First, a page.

But in dismissing the theory that thought is all-complete, we do not so readily escape from our subjectivity. One may still contend that this consciousness which I contemplate is just my consciousness, and no other. For what do I know about an alleged world existing beyond me except in terms of my own states?

What do I know about you other than that which my consciousness of your relationships with me reveals? To me, the world is what I am conscious of concerning it. To me, you are what I know or think you to be. What you may be in and for yourself I do not and cannot know, for I cannot transcend my consciousness of you to acquire your consciousness of you.

Thus one might continue to accumulate arguments until, in the end, one would feel hopelessly subjective. But we may as well pause here, for if the escape from subjectivity be once made there is no going back. First let us admit, however, that there is a deep truth in these considerations. What we think and know is indeed thought and known as we apprehend it.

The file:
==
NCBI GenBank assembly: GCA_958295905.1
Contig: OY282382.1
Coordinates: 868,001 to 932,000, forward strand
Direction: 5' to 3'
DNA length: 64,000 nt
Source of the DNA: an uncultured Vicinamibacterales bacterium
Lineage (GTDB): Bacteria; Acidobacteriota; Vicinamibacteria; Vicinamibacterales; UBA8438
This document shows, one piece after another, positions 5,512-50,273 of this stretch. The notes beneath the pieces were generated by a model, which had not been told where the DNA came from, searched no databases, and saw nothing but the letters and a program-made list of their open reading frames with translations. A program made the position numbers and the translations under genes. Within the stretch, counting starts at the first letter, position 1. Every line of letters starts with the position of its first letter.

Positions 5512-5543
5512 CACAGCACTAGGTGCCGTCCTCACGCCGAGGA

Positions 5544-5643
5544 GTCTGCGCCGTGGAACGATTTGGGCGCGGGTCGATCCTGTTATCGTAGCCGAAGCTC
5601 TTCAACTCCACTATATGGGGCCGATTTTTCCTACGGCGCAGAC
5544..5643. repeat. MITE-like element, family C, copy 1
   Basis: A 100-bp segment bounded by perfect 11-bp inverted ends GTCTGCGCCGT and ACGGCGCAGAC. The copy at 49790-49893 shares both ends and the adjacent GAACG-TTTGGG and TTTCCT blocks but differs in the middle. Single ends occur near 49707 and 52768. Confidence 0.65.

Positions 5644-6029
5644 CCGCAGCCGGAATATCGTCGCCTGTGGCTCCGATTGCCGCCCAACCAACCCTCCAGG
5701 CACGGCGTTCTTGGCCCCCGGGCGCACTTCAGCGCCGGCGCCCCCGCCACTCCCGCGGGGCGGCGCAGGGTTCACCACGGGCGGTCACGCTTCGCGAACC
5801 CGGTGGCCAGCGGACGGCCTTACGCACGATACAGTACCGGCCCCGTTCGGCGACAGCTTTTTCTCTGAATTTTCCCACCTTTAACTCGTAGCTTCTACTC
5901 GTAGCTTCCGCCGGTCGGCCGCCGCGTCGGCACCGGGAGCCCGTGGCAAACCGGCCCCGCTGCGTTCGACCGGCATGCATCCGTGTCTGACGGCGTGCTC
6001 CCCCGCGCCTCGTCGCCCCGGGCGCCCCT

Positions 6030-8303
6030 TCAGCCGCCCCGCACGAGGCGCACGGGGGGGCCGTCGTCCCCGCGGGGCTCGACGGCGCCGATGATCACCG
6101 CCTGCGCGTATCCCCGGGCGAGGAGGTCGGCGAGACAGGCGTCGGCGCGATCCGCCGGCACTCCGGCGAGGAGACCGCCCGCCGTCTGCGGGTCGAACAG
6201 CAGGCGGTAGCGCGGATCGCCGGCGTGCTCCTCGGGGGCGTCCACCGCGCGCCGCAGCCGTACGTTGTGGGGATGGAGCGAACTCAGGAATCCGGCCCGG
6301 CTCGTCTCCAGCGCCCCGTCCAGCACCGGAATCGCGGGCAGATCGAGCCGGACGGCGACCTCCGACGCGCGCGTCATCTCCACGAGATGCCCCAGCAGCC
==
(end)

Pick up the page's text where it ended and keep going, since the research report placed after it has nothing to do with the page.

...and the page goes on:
But the fact that I know the world only as I know it does not signify that there is no world objective to myself; and the fact that I know you only as I am impressed by you does not signify that there is no self to make the impression, no “you” to know yourself intimately. I might even throw light upon your life for you, know you in part better than you know yourself, despite the fact that what I know would be known as I perceive it.

The fact that I know only in an individual way is of far less consequence than that I am compelled to be conscious.

The truth, then, is that I do not need to make my escape from the subjective world. I never existed in such a world, alone. I have always been outside, that is, my most intimately self-conscious states are never purely my own. They are due to relations between myself and the world, between the soul and the Ground of all souls.

Consciousness is from the start a co-operative product. The world comes to me and I slowly begin to recognise it. My soul is the centre of my world, to be sure, but I do not even discover my soul until I have discovered the world. Self-consciousness is a relatively late psychological development. I learn that I exist as a self by contrast with objects and selves external to me.

The act of discovery is thus itself an objective thought, as it were. The subjective world is first known as a sort of development or projection of the objective realm. The discovery is made only as rapidly as it is possible to contrast the relatively objective with the relatively subjective.